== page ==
3 Key Things to Look for When Choosing a Credit Card
This post contains references to products from our advertisers. We may receive compensation when you click on links to those products. Please visit our Advertiser Disclosure to view our partners, and for additional details.
When used correctly, a credit card can be a trusted financial tool. The right credit card provides you with rewards and perks, and doesn’t penalize you overmuch when you carry a balance or make a mistake.
Because there are so many credit card options available to you, it can seem overwhelming to compare every detail of each card. But you don’t have to spend hours looking for the best credit card for you. A quick comparison will suffice — as long as you know the three key things to look for. (See also: Consumer Reports Picks the Top Three Credit Cards for Your Needs)
1. Rewards Should Match Your Shopping Habits
A good rewards credit card provides you with bonuses. When used correctly, a rewards card can earn you money. However, you need to choose a card that matches your shopping habits.
The first thing to look for is a rewards card that provides you with something that you will actually use. If you travel a lot, a travel rewards card, offering you bonus points for airfare purchases and hotel stays, can be just right for your situation.
If you don’t drive a lot, even the best gas rewards card won’t do you much good. Maybe you would benefit more from a credit card that rewards you for buying groceries, or one that provides you the chance to earn extra rewards for dining out.
Before you start looking at credit cards, consider what you want to accomplish with your credit card, whether it’s earning free stuff or paying down debt with the help of a balance transfer. Think about your lifestyle, and choose a card that reflects your priorities and interests.
If you don’t want to limit yourself to certain rewards, there are a number of good cash back credit cards that can help you meet your goals. If you just want to earn consistent rewards for your regular purchases and only want to worry about one card, it’s hard to beat the value of a cash back credit card.
2. Interest Rate and Fees Should Be Reasonable
Once you figure out what you want your credit card to help you accomplish, look at the interest rate associated with the card, as well as the fees charged. Fees and interest can destroy the value of your rewards, offsetting the progress you have made with them.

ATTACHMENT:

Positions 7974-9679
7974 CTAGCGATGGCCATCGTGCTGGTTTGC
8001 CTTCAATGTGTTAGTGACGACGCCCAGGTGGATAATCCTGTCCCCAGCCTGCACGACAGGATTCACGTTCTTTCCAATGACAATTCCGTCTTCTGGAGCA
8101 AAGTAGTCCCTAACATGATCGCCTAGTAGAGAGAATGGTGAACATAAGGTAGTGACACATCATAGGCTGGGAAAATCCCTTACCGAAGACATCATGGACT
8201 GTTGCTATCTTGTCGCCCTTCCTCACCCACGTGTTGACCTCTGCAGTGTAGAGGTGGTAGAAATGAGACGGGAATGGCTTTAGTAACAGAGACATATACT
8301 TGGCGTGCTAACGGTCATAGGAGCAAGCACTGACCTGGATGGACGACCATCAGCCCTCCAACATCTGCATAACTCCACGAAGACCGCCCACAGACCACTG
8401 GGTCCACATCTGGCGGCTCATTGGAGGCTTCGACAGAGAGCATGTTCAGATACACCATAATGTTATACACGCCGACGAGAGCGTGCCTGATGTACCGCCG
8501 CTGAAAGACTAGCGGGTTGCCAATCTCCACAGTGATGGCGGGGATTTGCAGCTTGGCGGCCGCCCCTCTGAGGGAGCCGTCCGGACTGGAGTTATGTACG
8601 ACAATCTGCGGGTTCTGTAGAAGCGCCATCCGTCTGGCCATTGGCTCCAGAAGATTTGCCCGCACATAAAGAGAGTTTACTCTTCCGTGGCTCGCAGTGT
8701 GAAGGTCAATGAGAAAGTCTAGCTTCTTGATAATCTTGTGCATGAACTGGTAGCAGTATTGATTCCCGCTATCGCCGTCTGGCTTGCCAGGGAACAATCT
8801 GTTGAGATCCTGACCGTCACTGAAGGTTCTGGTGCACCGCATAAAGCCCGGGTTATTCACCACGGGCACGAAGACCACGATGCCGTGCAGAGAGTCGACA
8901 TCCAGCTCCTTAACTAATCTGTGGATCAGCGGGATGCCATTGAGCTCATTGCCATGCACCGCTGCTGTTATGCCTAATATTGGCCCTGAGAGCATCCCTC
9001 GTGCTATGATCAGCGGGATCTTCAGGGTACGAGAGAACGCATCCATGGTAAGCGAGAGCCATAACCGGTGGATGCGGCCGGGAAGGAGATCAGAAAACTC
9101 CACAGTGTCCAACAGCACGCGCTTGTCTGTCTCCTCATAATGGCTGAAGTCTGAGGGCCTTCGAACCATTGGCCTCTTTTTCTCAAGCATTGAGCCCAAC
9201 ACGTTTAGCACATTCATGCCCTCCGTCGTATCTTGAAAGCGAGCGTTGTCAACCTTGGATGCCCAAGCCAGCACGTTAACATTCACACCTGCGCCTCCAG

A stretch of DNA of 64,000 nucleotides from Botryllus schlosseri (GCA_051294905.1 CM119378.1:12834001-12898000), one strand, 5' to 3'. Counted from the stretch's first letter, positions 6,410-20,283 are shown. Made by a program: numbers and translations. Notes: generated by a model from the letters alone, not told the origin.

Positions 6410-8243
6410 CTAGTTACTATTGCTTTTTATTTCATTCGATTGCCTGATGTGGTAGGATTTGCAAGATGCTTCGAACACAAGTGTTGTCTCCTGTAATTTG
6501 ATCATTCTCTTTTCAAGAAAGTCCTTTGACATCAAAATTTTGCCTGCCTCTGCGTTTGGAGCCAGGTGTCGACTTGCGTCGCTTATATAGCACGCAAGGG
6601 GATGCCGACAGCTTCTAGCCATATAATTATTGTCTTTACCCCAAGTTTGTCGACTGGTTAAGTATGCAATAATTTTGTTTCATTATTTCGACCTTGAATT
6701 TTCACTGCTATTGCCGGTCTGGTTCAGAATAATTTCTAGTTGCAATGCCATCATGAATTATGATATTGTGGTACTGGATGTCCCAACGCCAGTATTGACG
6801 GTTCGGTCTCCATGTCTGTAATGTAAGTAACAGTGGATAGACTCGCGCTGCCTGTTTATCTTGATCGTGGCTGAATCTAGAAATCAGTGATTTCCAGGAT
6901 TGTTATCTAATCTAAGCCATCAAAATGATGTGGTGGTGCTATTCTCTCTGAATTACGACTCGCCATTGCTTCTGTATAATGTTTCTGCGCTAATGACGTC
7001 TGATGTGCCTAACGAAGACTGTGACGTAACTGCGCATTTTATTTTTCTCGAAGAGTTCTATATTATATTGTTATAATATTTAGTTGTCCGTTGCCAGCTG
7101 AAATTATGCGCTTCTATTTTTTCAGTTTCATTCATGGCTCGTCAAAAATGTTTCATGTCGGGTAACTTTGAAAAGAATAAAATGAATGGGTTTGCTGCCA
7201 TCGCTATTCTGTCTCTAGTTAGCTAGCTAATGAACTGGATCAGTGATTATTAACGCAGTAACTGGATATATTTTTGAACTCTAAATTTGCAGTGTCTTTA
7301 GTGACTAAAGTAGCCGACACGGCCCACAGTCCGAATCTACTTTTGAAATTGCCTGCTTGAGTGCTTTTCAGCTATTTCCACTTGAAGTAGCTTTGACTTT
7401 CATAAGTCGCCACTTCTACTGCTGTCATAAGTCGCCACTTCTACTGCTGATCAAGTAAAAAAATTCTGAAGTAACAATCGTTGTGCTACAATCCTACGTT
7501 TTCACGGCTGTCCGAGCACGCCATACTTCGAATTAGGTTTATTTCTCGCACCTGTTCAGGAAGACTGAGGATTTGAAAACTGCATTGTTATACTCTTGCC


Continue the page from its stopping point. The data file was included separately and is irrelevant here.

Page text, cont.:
Your interest rate will depend largely on your credit rating. The higher your credit score, the lower your interest rate. Someone with excellent credit can expect to see interest rates as low as 10.79% to 13.99%. If your credit isn’t as good, you will probably pay more, usually in the 15.99% to 19.99% range. Those with poor credit, if they are approved, may pay 22.99% or more.
If you pay off your credit card balance each month, the interest rate isn’t such a big deal because you don’t have to worry about interest charges. You can work on improving your credit, and then ask your credit card issuer to lower your interest rate later.
Each credit card charges different fees. You don’t have to read through all the terms and conditions to locate the main fees charged by each card, though. Most credit card offers come with the most common fees prominently listed in the marketing materials. Some of the fees you should compare include:
- Annual fee: There are many rewards cards that don’t charge annual fees. However, some of the premium cards, if you use them a lot, can be worth the annual fee. It’s fairly common to pay between $50 and $150 for rewards cards. Some premium cards charge as much as $400. Make sure you review the rewards program to ensure that you will earn enough to offset the fees.
- Balance transfer: If you are planning to transfer a balance, this fee is a very important consideration. Most cards charge between 3% and 5% of the amount you transfer. Try to find a card with a lower fee in order to reduce what you pay.
- Cash advance: Most cards charge between 2% and 4% of the amount you withdraw. There might be a minimum, though, of $10 or $15.
- Late and over-the-limit fees: Pay attention to these fees, which average around $35 per incident. If you pay late, or go over your credit limit, it can really start to add up.
You can avoid most of these charges as long as you are responsible with your credit cards and avoid cards with steep annual fees.
3. Terms Should Be Easy to Understand
You don’t need to get caught up in the nitty-gritty of the credit card terms, but you do want to pay attention to some key terms. Once again, most of these terms are fairly easy to find in the marketing literature that you receive with credit card offers.
- If your credit card is being used for a 0% APR balance transfer, find out when the introductory period ends. The longer the period, the better off you’ll be. Realize, too, that sometimes the intro period for purchases is different from the balance transfer period. Check these options carefully.
- Double-check the restrictions related to your rewards. There might be expirations, as well as limits on what you can earn. A generous rewards program might have a cap on what you can earn. Pay attention to these items to ensure that you are getting the most for your rewards.
- Check minimum spending requirements. Some rewards programs, like Discover, require that you spend $3,000 before you can access the highest rewards level. Make sure you understand the minimums, and blackouts (especially for travel rewards cards).
Choosing the right credit card for you doesn’t have to be a complicated endeavor. Take a few minutes to compare three or four different credit card rewards programs and determine which will benefit you the most.
Editorial Note: Any opinions, analyses, reviews or recommendations expressed in this article are those of the author’s alone, and have not been reviewed, approved or otherwise endorsed by any card issuer.